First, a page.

What I’ve Written in 2020 (part two)

Hello and happy Wednesday!

Can you believe there are only two days left in 2020? In some ways this year has felt much longer than others, and in others it feels like it’s flown by. It seems crazy to think that 2021 is so close!

Last week, I wrote about some of my 2020 fiction projects, and what I’ve been learning from them. You can find that post here.

Last week I was about 15,000 words short of my 275,000 yearly goal. Today, I’m near 265,000, and back with the rest of what I wrote in 2020! In addition, I hope to hear about your writing adventures from this year!

One Step Away

As I mentioned last week, short stories are difficult for me. I struggle to think up story ideas that are compressed enough for a shorter work, but I believe there’s something very powerful about telling a moving story in few words. The second half of 2020, I’ve mainly focused on writing short stories, to try and gain some experience with them.

This was one of those short stories, and it was written for a challenge I did with some fellow writers. We all decided to press shuffle on our music playlists and write a short story based off the first song that started playing. I got Casting Crown’s One Step Away.

The finished story ended up a brief 5 pages, or just over 1,000 words, but I’m happy with how it turned out. The song One Step Away always reminds me of the Prodigal son in the Bible, so that’s the angle I took with my story. The ending is sweet, and it was a good exercise in creating emotion and crafting a meaningful plot without using lots of words.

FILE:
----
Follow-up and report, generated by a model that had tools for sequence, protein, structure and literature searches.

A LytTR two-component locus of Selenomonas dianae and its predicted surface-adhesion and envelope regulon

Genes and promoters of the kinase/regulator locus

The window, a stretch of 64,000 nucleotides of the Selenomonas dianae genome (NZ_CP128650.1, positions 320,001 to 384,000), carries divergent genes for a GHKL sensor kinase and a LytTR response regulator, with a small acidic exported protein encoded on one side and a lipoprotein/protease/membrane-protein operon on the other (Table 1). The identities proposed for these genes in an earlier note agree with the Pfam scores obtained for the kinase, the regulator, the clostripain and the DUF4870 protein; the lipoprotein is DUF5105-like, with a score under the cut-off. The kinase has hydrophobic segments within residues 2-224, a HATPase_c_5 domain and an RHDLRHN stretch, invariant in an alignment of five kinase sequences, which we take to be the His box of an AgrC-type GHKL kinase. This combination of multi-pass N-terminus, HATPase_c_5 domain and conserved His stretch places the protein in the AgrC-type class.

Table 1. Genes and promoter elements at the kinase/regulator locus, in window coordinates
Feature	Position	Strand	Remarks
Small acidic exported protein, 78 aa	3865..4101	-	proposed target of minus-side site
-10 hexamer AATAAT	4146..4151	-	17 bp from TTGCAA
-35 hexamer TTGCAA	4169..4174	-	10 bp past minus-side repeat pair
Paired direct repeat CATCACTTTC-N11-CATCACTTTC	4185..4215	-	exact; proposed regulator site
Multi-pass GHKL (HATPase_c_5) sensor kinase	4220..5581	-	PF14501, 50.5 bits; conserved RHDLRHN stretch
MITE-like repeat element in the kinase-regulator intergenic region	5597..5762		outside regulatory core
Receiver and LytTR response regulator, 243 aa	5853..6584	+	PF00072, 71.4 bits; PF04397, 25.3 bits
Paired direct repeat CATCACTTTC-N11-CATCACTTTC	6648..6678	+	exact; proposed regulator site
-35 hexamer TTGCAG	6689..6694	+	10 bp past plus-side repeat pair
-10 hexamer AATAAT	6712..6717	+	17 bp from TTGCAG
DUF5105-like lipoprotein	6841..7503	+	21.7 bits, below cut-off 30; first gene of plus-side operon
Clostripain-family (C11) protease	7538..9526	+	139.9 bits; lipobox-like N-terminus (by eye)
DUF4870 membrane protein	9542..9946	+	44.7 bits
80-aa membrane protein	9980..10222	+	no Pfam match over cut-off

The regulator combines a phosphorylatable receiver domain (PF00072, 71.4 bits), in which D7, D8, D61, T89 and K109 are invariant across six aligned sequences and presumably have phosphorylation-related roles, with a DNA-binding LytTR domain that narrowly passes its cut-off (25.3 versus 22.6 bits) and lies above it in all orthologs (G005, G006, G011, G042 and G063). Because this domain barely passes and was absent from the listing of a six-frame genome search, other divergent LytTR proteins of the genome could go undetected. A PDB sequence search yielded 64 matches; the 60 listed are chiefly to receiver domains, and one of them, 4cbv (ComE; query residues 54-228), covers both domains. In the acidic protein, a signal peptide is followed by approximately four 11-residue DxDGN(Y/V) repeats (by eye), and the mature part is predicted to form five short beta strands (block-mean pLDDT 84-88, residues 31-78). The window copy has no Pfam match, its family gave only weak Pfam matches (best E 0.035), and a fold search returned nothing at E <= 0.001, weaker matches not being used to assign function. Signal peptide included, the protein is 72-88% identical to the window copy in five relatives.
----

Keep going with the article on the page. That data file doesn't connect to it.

To Buy a Bike

Yet another short story, and this was written during The Collaboration of Quills fundraiser I wrote about a couple months ago.1 I was blessed to join a group of writers raising money for Compassion through our collective wordcount, and in four days, we wrote over 45,000 words – almost the length of an official novel!

I personally wrote 14,815 words in those four days, and about 10,000 of them were for this short story, which was one of the works we sent to our donors as a thank-you. Technically, 10,000 words is pushing the official length for a short story, but it’s too short to be considered a novella, so… I still call it a short story, haha.

This was my very first contemporary story (set about 30 years ago, so I think it’s still considered contemporary), about a poor boy whose greatest wish is to own the red bike in his local shop. He resolves to do anything to earn the money for it, but as he gets to know an even poorer little girl at school, he realizes that some things are more important than his own wishes.

With generosity as one of the main themes of the story, it seemed fitting for a fundraiser thank-you, and it was very meaningful to write. I’d never written from a nine-year-old boy’s point of view before, and it was surprisingly fun. Something about stepping into his innocence and optimistic view of the world really resonated with me.


This was my third novel in 2020 (I wrote about the other two last week), and the prequel to my pirate novel, Cabin Girl. After reading Cabin Girl, people kept wanting to know more about the main pirate captain, and asking for more of his story. Though I originally intended for Cabin Girl to be a stand-alone novel, the Captain is my favorite character from that book, and I decided to experiment with a story centered around him.

In November, for my first time participating in NaNoWriMo2, I wrote Gills: the story of a young Moroccan man determined to escape his childhood poverty and make a name for himself by becoming captain of a prestigious ship. The only problems? His ship of choice is the most famous in the Barbary slave trade – and he’s not the only one after it.